Tuesday, August 16, 2011

Paris of the Middle East

As I was going through the pictures of my Middle East trip, I began to realise that there was so much that I had not shared with people. I remember returning form that trip thinking that I need to write a travel book, start a tour company, become a mercenary, anything just to spend more time there. (Dear Reader. For the rest of this blog and any subsequent post on my middle east trip it would be safe to assume that I have found my tourist googles at the bottom of a suitcase and that I am ignoring all the socio political aspects of traveling in the Middle East. Believe me, it is a lot more fun reading about how I eat Baklava from a street vendor in Old Jerusalem than how I was detained without reason at the Israeli border).

Beirut - Paris of the Middle East

If you have to visit just one place in the middle east and have no inclination for this being a spiritual journey, but rather one of countless splendours, then Beirut and Lebanon will be you destination. The food in Beirut is legendary and can best be described as the fusion between French Cuisine and Middle eastern authenticity. Regardless of whether that last phrase made any sense, trust me when I tell you that the food is so good that had Elizabeth Gilbert started her journey of self discovery in Beirut rather than Italy, she would have never got around to any praying or loving! Tragically, the gastronomic experience that stands out for me is that Beirut will forever be remembered as the city where I had my first Burger King Double Whopper. It too was awesome :)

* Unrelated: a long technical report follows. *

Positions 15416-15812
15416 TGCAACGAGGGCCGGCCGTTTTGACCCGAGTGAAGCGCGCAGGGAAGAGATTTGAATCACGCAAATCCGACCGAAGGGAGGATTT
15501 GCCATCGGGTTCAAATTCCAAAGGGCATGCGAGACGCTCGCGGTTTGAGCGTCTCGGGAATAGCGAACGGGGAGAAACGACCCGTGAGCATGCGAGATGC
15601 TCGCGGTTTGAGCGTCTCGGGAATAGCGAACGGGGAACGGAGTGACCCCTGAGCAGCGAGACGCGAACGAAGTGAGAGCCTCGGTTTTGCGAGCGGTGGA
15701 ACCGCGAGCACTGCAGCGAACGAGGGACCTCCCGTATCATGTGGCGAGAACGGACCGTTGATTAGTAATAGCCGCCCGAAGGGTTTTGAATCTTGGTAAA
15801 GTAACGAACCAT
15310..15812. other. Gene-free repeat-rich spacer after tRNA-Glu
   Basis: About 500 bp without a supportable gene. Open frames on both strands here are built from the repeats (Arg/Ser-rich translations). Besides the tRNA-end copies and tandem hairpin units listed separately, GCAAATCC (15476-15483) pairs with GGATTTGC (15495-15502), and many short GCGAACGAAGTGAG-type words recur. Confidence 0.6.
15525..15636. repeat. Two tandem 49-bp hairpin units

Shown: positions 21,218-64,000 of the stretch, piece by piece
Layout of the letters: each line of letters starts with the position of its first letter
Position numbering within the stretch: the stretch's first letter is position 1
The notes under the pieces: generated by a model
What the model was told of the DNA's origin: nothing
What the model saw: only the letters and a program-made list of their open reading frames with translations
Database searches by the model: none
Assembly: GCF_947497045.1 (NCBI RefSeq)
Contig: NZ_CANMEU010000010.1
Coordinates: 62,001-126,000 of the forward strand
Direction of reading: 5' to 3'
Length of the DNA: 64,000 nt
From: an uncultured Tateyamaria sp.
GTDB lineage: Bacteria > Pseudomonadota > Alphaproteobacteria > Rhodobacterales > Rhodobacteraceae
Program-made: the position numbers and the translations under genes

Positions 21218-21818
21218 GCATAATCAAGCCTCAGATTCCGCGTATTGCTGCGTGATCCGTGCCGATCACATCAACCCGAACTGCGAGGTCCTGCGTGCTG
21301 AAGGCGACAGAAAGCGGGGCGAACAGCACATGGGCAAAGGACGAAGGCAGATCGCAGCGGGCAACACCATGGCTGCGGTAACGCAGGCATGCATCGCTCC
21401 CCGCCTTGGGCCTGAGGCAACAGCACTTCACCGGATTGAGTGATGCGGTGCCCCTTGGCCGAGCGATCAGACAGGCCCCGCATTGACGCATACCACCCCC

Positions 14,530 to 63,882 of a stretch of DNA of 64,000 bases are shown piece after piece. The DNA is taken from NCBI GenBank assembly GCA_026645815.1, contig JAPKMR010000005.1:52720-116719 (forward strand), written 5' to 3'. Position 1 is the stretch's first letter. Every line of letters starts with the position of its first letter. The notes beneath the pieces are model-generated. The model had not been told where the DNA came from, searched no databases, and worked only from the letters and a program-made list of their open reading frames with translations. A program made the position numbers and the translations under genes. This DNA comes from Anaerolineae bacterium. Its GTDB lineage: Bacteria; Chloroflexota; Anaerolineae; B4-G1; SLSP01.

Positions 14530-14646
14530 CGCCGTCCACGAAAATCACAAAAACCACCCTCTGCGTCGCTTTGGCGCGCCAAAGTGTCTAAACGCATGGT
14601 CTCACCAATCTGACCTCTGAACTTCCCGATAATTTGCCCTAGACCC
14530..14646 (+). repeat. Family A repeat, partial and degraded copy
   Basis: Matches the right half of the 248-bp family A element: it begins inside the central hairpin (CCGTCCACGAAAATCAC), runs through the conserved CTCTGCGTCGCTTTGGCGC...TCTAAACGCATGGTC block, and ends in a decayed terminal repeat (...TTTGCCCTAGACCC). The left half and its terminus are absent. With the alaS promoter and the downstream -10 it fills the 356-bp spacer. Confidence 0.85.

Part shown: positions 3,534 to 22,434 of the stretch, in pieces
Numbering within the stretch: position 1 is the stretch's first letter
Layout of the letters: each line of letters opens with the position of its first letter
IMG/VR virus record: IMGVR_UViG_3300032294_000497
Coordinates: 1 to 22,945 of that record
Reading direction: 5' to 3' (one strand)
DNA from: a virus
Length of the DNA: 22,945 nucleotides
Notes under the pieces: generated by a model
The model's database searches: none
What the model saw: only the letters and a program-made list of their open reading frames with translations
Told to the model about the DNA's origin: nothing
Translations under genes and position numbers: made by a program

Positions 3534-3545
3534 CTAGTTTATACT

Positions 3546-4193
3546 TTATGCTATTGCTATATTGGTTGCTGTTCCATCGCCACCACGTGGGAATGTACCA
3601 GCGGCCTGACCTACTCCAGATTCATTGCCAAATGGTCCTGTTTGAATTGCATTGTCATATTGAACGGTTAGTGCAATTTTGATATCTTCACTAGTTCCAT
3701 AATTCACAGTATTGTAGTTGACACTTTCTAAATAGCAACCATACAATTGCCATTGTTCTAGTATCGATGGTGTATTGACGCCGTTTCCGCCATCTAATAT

Beirut - Paris of the East

I am not very well travelled but I doubt many sites would compare to the Mediterranean (on a good day). Beirut is a city that is sandwiched between a mountain and the ocean which means that many people get to experience this kind of view from their homes.

Of course, being an electrical engineer, I was quick to point out to our tour group, the silhoutte of the power station that was famously bombed in the last Israeli-Lebanon conflict. I got comments like "what an eyesore", "Who would put a power station in the middle of the city" etc etc. , but honestly. Look at those towers and tell me you are not thinking, "What an awesome city to host a Red Bull Air Race!".

In any event on this morning, we were told we were going to play in snow. I though they were nuts. Look at this weather. If I told you you will be frolicking in snow in about an hour and a half, would you believe me? Exactly. It therefore came as no surprise when I looked out the bus window and snapped this picture, thinking this may be the most snow I see in one place.

My tune soon changed when I next saw this out the same window!

Who goes on a tour to the middle east and expects to go Snow Biking? Seriously! Camel Ride, maybe. Dune karting, hell yeah. But Snow Biking! I can not recall another incident in my life where I was so elated to be proven wrong. But a note to you novices out there who have never been in snow before. Pack your sunglasses. I am not trying to squint like John Cussack in the picture below for artistic effect, it is the reflection of the sun, off the snow (First world problems :))